Full training will be provided in these and other relevant techniques to enable the candidate to successfully complete the programme of research. We hypothesise that peptide pheromones, whose structure will be determined by analysis of our whole genome sequence libraries, can be artificially synthesised and will function in a similar manner to natural peptides. We will test this in a series of HGT systems that are currently in operation in the laboratory.  Once a set of peptide pheromones is identified these will be tested for their specificity by attaching fluorescent dyes and screening against panels of gastrointestinal bacteria. If, as expected, the binding of these peptide pheromones is shown to be species specific these will be examined for inclusion as detection ligands in a variety of diagnostic platforms: agglutination, ELISA and Lateral Flow systems. Impact Tackling antibiotic resistance is a World Health Organisation priority that requires a multifactorial approach. One of the major contributors to resistance is inappropriate antibiotic are prescribing. This is a consequence of poor diagnostic systems. This project will provide new diagnostic targets for incorporation into a variety of platforms. This project will be based at Ulster's Innovation Centre for Food and Health (NICHE).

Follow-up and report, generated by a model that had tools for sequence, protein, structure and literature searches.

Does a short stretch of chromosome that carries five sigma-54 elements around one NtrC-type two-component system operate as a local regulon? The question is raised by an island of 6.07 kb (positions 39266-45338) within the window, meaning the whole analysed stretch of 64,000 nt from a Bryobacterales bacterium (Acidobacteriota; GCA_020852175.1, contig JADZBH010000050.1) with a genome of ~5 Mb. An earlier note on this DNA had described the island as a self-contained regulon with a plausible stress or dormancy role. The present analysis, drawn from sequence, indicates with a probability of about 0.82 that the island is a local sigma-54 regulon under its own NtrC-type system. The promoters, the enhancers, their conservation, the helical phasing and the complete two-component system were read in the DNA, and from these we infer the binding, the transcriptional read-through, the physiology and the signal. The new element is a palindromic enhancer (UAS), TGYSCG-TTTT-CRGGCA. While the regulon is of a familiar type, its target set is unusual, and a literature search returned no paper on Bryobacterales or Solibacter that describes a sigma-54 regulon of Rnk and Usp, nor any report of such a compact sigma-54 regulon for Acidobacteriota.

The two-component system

References:

Conwell M, Daniels V, Naughton PJ, and Dooley, JSG. Interspecies transfer of vancomycin, erythromycin and tetracycline resistance among Enterococcus species recovered from agrarian sources. BMC Microbiology. 2017. Vol 17. Article 19

Increased sporulation underpins adaptation of Clostridium difficile strain 630 to a biologically–relevant faecal environment, with implications for pathogenicity. Ternan NG, Moore N, Smyth D, McDougall G, Allwood JW, Verrall S, Gill CIR, Dooley JSG, and McMullan G. 2018. Scientific Reports 8: 16691.


Essential criteria

  • To hold, or expect to achieve by 15 August, an Upper Second Class Honours (2:1) Degree or equivalent from a UK institution (or overseas award deemed to be equivalent via UK NARIC) in a related or cognate field.
  • Sound understanding of subject area as evidenced by a comprehensive research proposal

Desirable Criteria

If the University receives a large number of applicants for the project, the following desirable criteria may be applied to shortlist applicants for interview.

  • Completion of Masters at a level equivalent to commendation or distinction at Ulster
  • Experience using research methods or other approaches relevant to the subject domain
  • Work experience relevant to the proposed project
  • Publications - peer-reviewed
  • Publications record appropriate to career stage
  • Experience of presentation of research findings
  • A comprehensive and articulate personal statement
  • Use of personal initiative as evidenced by record of work above that normally expected at career stage.
  • Relevant professional qualification and/or a Degree in a Health or Health related area

Funding